Personal fitness is one of my ongoing challenges to balance in life. Last week, I wrote about how I am a "workout flunkie" and my pursuits of neighborhood fitness - with the help of personal trainer, Terry O'Hara. Most of us can't afford a personal trainer, yet the ideas, support and insights are real gems that have me rethinking the investment!
This week, I want to share her "Top Ten Tips" - and I'll bet you will be surprised they have nothing to do with money, struggle or pain:
1. Your mental image of yourself defines what you will work toward. What is your reason for getting out to exercise in the first place? Is it so your clothes fit better, or to be able to ski this winter without dying on the slopes? Developing a strong mental image that is specific and positive will help motivate and guide your decisions.
2. Nobody eats enough good food. This one is huge, as most of us are on a perpetual diet, and pride ourselves by not eating, or skimping along with a minimal meal in order to splurge later. Wrong! "By 1pm, you should have already eaten breakfast, a snack, lunch, and be getting ready for another small snack," said O'Hara. "You need to take a counter intuitive approach to your diet and until you start eating, the diet cycle can trap you."
3. Your body adapts to everything. This applies to your diet and exercise, or lack of it. If you start walking a route in your neighborhood and think you can just do that forever- wrong! Ever noticed you start on new cardio equipment at the gym and it is hard to get through 20 minutes, but after a month you are hardly out of breath? That means it is time to mix it up and do something new. Try rowing, or stairs.
4. The word "Carbs" is a misnomer for dieting. If you are taking all carbs out of your diet, you are depriving yourself of one of the four necessary nutrients for your body, as well as vital B complex vitamins and critical fiber. Complex carbs contain valuable nutrients responsible for energy production. Cut out the simple processed carbs like cookies or crackers, and replace with plenty of whole grains, oatmeal, or brown rice.
5. Memories dictate bad habits. Ever wonder why you buy the same things over and over again at the store? Do you buy chocolate Oreos because your mother did? "Time to change up the menu," says O'Hara. "Replace those frozen waffles with homemade with fresh blueberries, or forget the top ramen and make a quick soup that is simple and delicious."
6. Face up to your personal statistics. This one really woke me up. Rather than just knowing your weight on a scale or your size of clothes, do you know your body fat percentage, your basic heart rate or the number of maintenance calories you should be eating for your age? "For less than $100, you can hire a personal trainer one time, to help you assess exactly what you need to know," said O'Hara. Or, for absolutely free, O'Hara steers clients to the website: sparkpeople.com to get all your info and ideas on exercises to do. Check it out and get informed!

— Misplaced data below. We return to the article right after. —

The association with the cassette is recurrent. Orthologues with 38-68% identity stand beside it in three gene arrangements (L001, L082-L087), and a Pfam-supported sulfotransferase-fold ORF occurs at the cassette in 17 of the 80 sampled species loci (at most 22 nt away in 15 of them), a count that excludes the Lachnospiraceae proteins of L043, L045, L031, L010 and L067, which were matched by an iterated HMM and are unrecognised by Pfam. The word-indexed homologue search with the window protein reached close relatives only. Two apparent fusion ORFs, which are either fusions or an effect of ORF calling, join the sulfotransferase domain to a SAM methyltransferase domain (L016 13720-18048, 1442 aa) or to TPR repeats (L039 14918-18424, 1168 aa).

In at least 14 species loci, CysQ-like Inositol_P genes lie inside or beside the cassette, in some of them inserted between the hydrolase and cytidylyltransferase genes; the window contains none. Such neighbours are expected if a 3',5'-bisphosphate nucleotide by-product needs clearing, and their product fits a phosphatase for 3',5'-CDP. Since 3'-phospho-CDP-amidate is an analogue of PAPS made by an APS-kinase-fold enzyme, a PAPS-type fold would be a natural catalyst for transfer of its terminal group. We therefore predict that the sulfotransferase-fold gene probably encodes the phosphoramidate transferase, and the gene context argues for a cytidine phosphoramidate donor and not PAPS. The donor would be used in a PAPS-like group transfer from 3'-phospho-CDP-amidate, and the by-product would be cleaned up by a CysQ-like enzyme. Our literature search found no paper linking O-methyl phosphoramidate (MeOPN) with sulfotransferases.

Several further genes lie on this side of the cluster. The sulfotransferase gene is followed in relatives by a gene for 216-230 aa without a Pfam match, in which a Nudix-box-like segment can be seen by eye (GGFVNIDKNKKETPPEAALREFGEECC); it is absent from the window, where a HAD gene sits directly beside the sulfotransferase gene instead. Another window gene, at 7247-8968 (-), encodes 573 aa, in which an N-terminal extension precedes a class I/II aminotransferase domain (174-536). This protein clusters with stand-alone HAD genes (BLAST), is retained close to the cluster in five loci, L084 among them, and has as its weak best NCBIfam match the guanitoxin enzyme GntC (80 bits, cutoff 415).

7. All or nothing exercise gets you nowhere, (or hurt). Lots of people are like me; the pants just get WAY to tight, so we all fired up about working out again, go out and buy new sneakers, and start running everyday like we are old pros. Then after a week, shin splints kick in, and then we quit. Others may hear about a new type of exercise, and try it without building up first, and get injured. O'Hara encourages starting with a solid, organized plan that can keep your progressing and organize a workout schedule you can use for the rest of your life.
8. We are not supposed to get weak and incapacitated as we get older. It is not true that we should stop being physically active as we age, but continue with cardio, resistance training and core building for a lifetime. Tennis, swimming, golf, yoga and power walking can be done forever.
9. It's all about PUSHUPS baby! Come on, be honest, how many "proper" pushups can you do? "If you can't do a push up properly, it means you lack core strength," explains O'Hara, "and that is the most important area to maintain for posture, back support, and ongoing health." For the ultimate challenge (and one that I am going to start myself) check out the One Hundred Pushups website for a full six week program to help you reach the seemingly impossible goal of being able to do 100 consecutive pushups. Wow!
10. There is a fountain of youth! "Strength in life is the fountain of youth," said O'Hara, "strength in keeping the muscles strong and building them, strength in what you choose to eat, strength in your character - it is the absolute secret to a long life."
Next week, to complete the three part series, O'Hara and I will talk about why "French women don't get fat" and more on the power of simple strength. What are some of your "Top Ten Tips" for the workout flunkies to get motivated, and inspired? Love to hear your comments below! Join the conversation, and click on "Become a Fan" to receive weekly updates of this post, and share on Facebook and Twitter.
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